Eating placenta good for new moms?

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PHOENIX -- Eating placenta. It sounds shocking, but some say it can help new moms avoid postpartum depression.

It's not as "out there" as you might think. Actress January Jones ("Mad Men") did it.

“It’s something I was very hesitant about, but we’re the only mammals who don’t ingest our own placentas," Jones told People Magazine in March. “It’s not witch-crafty or anything! I suggest it to all moms!”

So does Jodi Selander. After grappling with some issues with depression after the birth of her first child, she gave placentophagy (placenta ingestion) a try when she had her second baby. After doing some research, she learned that she could dry her placenta, ground it up and put it in capsules.

"I felt a lot better emotionally," she said. "I was well balanced. I had a lot of energy. … I could not believe how good it made me feel."

Consuming placenta is not a new idea. There are studies of its efficacy going back several decades.

"It's a time-honored way of renewing a woman's stores of iron and preventing anemia after childbirth," said Elisabeth Halligan, RN, CPN. "We didn't always have fancy hospitals and medications."

Here in the U.S., the placenta is generally disposed of immediately after birth. That's not the case in other cultures, many of which have ceremonial uses for the placenta.

Selander founded, which is headquartered in Las Vegas, to educate mothers about placentophagy for postpartum recovery.

She recommends a new mother consume placenta in some form -- capsules are the easiest -- in the first weeks after giving birth, when "her body is in a huge state of transition."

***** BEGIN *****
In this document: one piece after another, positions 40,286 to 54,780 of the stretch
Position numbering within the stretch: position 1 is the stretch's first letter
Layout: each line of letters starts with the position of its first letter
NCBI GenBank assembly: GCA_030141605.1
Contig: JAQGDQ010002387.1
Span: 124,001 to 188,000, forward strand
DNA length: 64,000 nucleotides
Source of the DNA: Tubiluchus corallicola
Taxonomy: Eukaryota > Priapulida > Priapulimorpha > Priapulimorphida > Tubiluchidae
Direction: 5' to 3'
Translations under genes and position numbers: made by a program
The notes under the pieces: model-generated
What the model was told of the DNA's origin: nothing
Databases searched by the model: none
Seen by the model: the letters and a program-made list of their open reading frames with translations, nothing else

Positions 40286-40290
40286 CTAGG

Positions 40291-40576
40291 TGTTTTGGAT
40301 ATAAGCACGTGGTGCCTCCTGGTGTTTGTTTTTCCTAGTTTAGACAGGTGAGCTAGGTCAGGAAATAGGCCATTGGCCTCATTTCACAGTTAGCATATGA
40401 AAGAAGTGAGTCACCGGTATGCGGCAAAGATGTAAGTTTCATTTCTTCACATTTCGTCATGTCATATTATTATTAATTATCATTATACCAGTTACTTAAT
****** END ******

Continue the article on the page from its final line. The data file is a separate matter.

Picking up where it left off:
"The placenta contains all of those hormones and nutrients and things that the baby needed and that drove the pregnancy," Selander explained. "Once the placenta is born, it still contains all of those nutrients while it's missing from the mother. The theory is that it just makes sense to put that back into her. It helps maintain the balance, helps get her through those first few weeks … The placenta is really good for easing that transition."

Selander said consuming placenta is not a replacement for treatment of clinical postpartum depression.

"It is an option to help mom fend off a lot of the risk factors," she said.

While Jones, Selander and other have had positive experiences with eating their placentas, not everybody is on board.

Amanda Marcotte of XXfactor says it's "a step too far," and  Nancy Redd explained in a New York Times piece why she regretted eating her placenta.

"Somehow, it seemed like a good idea at the time," Redd wrote. "But in my case, it was a terrible idea. ... [A]fter just eight placenta pills, I was in tabloid-worthy meltdown mode, a frightening phase filled with tears and rage."

While most of the recent studies on placentophagy seem agree that further exploration into the potential benefits is needed, the decision -- a very personal one -- is ultimately up to the mother.